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In this last part of the environment variable series, we’ll see how we can interact with environment variables using the Kvaser TRX. Kvaser TRX is a light weight IDE for developing t programs for Kvaser devices and is included in the CANlib SDK 1. Full program listings are available on http://github.com/Kvaser/developer-blog.
First we connect a device that is capable of running t programs to the PC, I will be using a Kvaser Eagle. Now we start Kvaser TRX and open the t program we created in the first post of this series,
envvar.t. We do this by selecting File->Open, then browse for the file, select the file, and click “Open”.
Figure 1: Kvaser TRX is started, we have an Eagle connected to the PC and the file
envvar.t is loaded.
The next step is to Compile, Download and Run the t program. A quick way of doing this is to push the play button on the Kvaser TRX toolbar. A pop-up will ask you to save your new project. Just accept the default name and click “Save”.
The t program will now start, indicated by the message “Script no 0 started. proc=0” in the Device Output part of the lower pane. After the simulated boot delay, a new message will appear, “Signal that we are ready to accept connections”, see Figure 2.
Figure 2: The t program has been started and we can see print outs in the Device Output tab of Kvaser TRX.
To view an environment variable, we first open up the Envvar window by selecting Window->Toggle Envvar Window from the menu. In the Envvar Window we enter the name of the environment variable we would like to view, and click “Add Envvar” as shown in Figure 3.
Figure 3: Adding the environment variable
HostIdConnected to the Envvar Window in Kvaser TRX.
If we would like to see the value of the environment variables updated regularly in the Envvar window, we can tick the “Auto Refresh” check box. Having “Auto Refresh”, enabled we can now restart the t program (Select Run->Stop and then Run->Start) and observe that the value of
HostIdConnected is 1 at the start of the t program and switches to 0 at the same time as the message “Signal that we are ready to accept connections.” is printed. This is just as we expected, see the t program listing for details.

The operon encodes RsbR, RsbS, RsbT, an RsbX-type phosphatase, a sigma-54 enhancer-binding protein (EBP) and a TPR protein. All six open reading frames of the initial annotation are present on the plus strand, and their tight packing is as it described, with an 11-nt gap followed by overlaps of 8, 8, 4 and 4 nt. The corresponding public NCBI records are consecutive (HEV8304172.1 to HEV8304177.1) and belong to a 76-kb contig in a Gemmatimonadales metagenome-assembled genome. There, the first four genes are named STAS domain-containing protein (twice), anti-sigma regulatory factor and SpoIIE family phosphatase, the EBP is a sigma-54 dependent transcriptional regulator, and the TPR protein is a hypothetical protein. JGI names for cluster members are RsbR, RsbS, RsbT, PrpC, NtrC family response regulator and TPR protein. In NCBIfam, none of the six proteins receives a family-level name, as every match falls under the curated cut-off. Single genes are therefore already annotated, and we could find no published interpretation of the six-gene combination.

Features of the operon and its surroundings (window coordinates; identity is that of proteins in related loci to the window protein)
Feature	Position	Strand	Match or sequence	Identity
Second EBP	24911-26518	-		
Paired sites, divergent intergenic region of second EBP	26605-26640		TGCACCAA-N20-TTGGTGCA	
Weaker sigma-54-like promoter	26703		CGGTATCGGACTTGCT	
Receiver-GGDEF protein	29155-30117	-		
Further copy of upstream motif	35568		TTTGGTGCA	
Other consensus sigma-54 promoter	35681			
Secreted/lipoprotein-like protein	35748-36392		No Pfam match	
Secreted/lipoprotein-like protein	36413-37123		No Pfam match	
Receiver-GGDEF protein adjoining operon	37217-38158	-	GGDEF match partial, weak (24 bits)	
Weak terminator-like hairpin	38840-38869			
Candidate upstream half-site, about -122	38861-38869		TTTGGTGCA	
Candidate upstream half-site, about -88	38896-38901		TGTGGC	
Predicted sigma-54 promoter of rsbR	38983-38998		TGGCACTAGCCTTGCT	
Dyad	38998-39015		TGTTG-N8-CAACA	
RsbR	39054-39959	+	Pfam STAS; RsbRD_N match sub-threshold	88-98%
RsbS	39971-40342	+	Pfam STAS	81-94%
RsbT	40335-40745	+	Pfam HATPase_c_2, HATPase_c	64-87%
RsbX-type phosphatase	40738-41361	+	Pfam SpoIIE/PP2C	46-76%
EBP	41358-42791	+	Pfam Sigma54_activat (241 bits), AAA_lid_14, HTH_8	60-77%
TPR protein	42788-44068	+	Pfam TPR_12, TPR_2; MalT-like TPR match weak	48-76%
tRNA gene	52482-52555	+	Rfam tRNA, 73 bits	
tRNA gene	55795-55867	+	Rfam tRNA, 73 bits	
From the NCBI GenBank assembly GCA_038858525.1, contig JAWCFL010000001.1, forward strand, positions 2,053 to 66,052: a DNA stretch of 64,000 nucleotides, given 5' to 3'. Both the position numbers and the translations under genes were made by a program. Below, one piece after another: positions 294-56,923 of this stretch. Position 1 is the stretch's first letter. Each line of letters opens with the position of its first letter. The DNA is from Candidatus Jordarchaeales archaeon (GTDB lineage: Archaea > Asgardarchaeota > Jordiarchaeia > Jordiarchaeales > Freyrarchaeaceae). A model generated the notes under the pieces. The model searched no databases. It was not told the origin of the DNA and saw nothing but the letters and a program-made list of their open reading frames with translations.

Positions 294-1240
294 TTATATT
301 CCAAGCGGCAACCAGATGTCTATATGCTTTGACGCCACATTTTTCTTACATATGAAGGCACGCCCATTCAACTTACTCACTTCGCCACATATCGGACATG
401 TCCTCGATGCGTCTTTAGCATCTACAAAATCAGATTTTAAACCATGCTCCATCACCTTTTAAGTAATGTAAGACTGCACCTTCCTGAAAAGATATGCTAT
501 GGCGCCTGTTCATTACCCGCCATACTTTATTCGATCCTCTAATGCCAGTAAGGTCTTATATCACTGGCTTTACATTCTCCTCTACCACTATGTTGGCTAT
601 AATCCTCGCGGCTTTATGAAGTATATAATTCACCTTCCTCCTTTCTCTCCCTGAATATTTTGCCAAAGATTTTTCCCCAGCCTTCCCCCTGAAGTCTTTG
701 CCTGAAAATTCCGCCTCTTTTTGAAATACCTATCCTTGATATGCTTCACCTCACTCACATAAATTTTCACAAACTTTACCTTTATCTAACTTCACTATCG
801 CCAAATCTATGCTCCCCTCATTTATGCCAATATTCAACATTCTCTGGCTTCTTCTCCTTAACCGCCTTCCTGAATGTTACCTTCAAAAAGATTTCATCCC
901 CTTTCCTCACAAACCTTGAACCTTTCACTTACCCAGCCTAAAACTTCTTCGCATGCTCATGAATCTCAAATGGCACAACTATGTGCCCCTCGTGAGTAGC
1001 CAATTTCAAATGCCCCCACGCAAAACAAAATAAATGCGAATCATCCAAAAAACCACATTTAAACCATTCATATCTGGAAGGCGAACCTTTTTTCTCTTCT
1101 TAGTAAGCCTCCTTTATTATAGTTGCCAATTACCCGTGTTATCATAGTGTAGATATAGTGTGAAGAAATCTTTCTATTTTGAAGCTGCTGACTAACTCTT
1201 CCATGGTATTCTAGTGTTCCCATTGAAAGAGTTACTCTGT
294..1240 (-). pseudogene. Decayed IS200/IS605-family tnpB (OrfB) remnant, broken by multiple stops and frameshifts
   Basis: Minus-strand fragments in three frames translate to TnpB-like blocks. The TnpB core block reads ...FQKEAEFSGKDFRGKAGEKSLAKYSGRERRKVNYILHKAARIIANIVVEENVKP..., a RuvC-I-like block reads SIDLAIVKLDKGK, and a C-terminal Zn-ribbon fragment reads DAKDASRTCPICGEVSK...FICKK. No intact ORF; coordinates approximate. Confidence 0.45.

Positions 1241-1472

Now we add two more environment variables,
Message, in the same way as we just have added the environment variable
When an environment variable is selected, a status row is showed where the Name, Type and Value is shown. The value box is labeled “New Value” which hints that you can enter a new value here and then click “Set Value” to update the value of the selected environment variable, see Figure 4.
The status row also shows a button named “Remove” which can be used to remove the selected environment variable from the Envvar window.
Figure 4: Setting a new value to the environment variable
Message in the Envvar Window of Kvaser TRX.
Change the value of Message to ‘My Message’ and click “Set Value”. Beside that the value is updated in the Envvar window, we also see that the running t program catches this change and writes “Severity: 0 -My message” at the console in the the lower pane of the Kvaser TRX window.
You can also try and change the severity. The change will be updated in the Envvar window, but since we do not have any hook for this environment variable in our t program, nothing will happen in the console area.
As an excersise, try and change the value of the environment variable
HostIdConnected. Why does the Envvar window not show the new value? A hint is to take a look at the
on envvar hook for
This ends this series about environment variables in t programs, hope you have enjoyed it. If you have any comments, contact us at firstname.lastname@example.org.